Public Fountain LSD Hall, 2003

Installation view: The Kaleidoscopic Eye: Thyssen-Bornemisza Art Contemporary Collection, Mori Art Museum, Tokyo, Japan, 2009
© Bildrecht, Vienna, 2009 | Photo: Watanabe Osamu | Mori Art Museum

LSD Fountain (Victorian lead crystal glass, concrete, toughened glass, metal, water, potentiated LSD), LSD Hall model (wood, aluminum, inkjet print on paper, plastic, glass), anti-homeless bench, carnivorous Nepenthes plants, certificate (Ink-jet and ball-pen on paper, painted wood, glass), proposal (ink on paper)
180 x 210 x 210 cm (fountain)
70 x 62 x 27 cm (model)
57 x 43.8 x 3 cm (certificate, framed)
34 x 29.5 cm (proposal)
Overall dimensions variable

Public Fountain LSD Hall was originally conceived for an urban building site in the city of Dresden, combining a crystal glass fountain and an anti-homeless bench with carnivorous Nepenthes plants. The unrealized project, now part of the exhibition, proposed a steel box with unidirectional glasses, through which the visitors could observe the city without being seen. Crowing the LSD Hall would have been a crystal fountainhead in Victorian style features of the same shape and materials as the one designed for the 1851 Great Exhibition at the Crystal Palace in London. In Klaus Weber’s version, water gushes from its top and then cascades down through three basins onto a concrete floor and releases potentized LSD. Potentization is a homeopathic method that involves the serial dilution of a remedy that can be brought to a point where the actual substance is only present in residual traces. Notwithstanding the scientific argument, for Weber, water has a “memory,” meaning it carries the “imprints” of substances in its molecular structure. The cascading of the water reactivates the LSD imprints and potentially sets in motion the effects of hallucinations, despite the substance’s chemical absence.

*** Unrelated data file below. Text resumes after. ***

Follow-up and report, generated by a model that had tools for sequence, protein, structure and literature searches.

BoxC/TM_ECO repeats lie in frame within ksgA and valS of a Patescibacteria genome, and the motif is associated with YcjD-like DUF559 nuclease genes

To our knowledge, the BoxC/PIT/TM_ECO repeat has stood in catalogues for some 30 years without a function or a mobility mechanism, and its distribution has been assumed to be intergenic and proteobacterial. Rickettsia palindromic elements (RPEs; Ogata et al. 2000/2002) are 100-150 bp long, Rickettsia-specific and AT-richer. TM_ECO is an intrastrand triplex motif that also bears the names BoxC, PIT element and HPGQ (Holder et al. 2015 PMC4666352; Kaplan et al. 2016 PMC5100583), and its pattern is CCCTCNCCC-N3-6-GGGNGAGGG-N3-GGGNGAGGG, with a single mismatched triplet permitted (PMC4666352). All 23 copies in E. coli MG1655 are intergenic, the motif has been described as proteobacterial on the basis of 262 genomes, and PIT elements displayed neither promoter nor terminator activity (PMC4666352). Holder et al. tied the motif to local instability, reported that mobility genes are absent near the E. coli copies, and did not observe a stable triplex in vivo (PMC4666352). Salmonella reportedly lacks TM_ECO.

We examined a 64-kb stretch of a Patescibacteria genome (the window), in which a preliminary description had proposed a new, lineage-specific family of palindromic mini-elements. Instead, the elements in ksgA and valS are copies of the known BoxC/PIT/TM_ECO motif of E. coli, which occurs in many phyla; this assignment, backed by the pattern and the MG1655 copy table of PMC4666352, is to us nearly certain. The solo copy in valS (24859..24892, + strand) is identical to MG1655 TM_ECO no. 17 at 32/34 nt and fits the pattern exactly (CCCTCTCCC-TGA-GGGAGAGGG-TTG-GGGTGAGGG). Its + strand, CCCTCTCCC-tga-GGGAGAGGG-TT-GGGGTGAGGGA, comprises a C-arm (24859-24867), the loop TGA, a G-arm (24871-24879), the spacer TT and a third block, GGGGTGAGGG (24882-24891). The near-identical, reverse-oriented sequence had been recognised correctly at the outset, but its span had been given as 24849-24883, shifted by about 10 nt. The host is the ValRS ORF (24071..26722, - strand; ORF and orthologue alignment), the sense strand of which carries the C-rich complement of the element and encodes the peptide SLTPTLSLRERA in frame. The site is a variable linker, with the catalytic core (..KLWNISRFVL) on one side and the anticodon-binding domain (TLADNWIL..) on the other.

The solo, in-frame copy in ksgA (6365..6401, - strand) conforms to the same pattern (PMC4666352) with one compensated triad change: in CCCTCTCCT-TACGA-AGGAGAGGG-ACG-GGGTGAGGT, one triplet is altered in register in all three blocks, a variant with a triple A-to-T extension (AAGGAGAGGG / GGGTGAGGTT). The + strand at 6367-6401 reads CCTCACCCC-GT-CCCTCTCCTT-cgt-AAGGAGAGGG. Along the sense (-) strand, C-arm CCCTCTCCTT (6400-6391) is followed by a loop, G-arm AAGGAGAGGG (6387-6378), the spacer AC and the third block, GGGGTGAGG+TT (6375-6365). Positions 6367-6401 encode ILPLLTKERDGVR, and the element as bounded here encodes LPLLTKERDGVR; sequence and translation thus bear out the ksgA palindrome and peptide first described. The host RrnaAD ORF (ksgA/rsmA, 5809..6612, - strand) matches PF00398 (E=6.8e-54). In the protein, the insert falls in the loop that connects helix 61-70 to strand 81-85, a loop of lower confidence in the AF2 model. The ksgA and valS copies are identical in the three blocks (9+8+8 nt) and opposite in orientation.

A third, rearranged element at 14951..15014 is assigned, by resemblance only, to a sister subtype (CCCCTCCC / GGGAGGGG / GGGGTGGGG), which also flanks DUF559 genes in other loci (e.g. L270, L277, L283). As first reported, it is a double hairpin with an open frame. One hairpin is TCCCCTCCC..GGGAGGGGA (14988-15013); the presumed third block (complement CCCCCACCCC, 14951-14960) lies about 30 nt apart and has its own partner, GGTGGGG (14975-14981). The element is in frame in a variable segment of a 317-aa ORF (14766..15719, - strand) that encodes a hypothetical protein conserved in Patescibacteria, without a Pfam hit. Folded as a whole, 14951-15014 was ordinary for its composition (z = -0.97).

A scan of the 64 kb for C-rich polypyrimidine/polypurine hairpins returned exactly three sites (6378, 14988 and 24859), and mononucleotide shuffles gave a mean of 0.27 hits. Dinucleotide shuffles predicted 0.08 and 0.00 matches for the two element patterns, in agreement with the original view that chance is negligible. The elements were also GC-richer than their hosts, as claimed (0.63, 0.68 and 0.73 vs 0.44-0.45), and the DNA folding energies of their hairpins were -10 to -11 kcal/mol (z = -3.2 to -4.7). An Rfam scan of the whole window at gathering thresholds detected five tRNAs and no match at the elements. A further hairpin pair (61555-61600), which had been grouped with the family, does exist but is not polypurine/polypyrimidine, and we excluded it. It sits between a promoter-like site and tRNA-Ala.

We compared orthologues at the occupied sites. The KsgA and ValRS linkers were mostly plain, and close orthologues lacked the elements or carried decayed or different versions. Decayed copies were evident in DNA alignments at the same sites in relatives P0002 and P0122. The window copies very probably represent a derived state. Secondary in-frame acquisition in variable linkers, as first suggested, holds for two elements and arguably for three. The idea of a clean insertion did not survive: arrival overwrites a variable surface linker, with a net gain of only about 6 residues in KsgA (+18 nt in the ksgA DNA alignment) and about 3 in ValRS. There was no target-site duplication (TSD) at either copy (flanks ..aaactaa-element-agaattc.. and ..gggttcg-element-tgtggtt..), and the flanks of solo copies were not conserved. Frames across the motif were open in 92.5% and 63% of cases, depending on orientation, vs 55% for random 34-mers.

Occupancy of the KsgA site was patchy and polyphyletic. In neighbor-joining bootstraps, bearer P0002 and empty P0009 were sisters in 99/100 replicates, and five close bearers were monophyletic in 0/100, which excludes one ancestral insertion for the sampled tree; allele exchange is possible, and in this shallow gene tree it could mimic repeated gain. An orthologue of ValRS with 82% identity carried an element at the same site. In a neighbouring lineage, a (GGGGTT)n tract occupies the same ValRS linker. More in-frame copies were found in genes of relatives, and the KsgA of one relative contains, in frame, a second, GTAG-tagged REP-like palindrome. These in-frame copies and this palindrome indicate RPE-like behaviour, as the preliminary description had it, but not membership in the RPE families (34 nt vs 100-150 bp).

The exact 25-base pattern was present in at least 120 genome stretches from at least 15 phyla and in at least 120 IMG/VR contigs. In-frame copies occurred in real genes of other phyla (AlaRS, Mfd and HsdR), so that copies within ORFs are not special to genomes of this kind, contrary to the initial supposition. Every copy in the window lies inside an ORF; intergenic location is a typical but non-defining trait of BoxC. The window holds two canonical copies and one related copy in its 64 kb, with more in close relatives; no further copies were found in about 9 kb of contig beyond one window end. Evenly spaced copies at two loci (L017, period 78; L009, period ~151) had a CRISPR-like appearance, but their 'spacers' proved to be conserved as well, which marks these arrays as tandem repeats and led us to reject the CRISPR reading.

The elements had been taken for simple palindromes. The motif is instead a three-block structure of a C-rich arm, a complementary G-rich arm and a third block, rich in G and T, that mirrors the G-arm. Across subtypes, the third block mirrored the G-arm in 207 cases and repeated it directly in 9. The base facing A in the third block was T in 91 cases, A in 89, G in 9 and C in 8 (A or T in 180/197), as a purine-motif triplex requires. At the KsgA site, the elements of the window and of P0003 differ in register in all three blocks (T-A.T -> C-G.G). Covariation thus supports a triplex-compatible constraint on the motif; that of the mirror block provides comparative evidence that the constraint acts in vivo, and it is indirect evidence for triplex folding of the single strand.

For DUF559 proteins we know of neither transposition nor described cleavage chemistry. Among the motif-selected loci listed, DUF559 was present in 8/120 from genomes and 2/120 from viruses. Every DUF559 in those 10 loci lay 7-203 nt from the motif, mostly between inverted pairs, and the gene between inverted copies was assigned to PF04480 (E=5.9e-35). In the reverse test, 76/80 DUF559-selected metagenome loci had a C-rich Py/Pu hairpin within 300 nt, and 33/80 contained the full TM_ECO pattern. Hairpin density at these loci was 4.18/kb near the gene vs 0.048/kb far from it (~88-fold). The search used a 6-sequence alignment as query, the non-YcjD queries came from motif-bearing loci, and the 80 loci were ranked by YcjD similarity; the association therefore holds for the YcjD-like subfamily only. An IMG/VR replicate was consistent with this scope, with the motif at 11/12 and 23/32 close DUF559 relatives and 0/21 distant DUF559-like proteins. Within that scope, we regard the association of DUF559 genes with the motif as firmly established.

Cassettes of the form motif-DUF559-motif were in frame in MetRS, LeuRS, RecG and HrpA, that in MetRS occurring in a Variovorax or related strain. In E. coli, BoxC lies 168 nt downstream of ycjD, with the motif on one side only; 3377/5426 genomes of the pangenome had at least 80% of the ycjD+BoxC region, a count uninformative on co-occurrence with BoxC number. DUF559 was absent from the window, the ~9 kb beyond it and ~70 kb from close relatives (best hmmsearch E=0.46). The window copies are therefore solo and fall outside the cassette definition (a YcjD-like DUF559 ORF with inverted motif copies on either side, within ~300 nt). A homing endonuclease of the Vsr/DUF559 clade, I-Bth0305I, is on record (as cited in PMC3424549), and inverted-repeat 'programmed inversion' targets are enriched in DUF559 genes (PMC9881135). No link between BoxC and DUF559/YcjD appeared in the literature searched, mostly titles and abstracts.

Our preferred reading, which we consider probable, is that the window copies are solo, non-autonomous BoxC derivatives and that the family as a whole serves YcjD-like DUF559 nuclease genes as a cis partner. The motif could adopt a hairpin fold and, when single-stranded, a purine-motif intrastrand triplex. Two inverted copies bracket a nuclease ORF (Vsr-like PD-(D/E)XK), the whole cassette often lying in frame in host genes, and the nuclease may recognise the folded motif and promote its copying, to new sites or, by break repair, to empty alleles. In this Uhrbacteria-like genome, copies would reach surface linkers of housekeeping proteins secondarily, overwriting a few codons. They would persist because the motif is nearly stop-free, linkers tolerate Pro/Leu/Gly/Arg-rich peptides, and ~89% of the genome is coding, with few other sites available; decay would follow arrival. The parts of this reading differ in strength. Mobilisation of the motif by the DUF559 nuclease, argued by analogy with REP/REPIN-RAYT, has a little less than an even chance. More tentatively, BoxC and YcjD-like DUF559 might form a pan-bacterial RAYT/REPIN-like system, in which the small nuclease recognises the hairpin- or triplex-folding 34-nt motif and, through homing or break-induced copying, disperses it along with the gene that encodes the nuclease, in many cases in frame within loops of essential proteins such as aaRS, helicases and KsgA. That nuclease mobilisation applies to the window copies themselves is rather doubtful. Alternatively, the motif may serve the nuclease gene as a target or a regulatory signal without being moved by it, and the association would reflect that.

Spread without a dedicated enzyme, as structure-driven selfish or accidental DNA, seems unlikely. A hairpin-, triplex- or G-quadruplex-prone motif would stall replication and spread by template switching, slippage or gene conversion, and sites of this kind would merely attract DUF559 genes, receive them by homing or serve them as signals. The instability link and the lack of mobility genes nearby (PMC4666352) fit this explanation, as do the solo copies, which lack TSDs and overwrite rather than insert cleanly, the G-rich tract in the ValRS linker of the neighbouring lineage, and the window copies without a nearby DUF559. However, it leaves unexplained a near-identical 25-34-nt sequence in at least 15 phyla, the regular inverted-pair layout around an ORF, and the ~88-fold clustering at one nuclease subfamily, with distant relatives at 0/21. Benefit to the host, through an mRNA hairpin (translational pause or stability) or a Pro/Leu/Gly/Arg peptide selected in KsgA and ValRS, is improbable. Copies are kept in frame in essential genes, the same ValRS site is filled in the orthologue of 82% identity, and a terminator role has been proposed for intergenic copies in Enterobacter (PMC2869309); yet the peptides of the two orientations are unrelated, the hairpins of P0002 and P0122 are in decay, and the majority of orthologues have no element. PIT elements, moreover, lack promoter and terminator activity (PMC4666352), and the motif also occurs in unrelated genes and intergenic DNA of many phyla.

In Public Fountain LSD Hall, Weber examines and connects a number of concerns which question the divisions between legitimacy and illegitimacy and legality and illegality. LSD is considered an illegal substance, although its components are found in the carnivorous Nepenthes plants adorning the fountain. Homeopathy, on the other hand, is deemed an illegitimate, or at least ineffective, medical method. Public space is meant to welcome the public, but here it excludes its use by people experiencing homelessness, considered both illegal and illegitimate. The disciplining power of the state and its institutions not only regulates the adequacy of medical knowledge versus charlatanism and the desires for “expanded consciousness” emblematized in the use of psychoactive substances, but also distributes agency in the use of the public space. Weber aims to intervene in the dominant cultural and social consensus, while unveiling the dynamics of authority, classification, and the exclusion underlying all things public. 


Group show: Remedios
Venue: C3A Centro de Creación Contemporánea de Andalucía, Córdoba
Curator: Daniela Zyman
Exhibition 14 April 2023 -  March 2024

Born in Sigmaringen, Germany, in 1967. Lives and works in Berlin, Germany.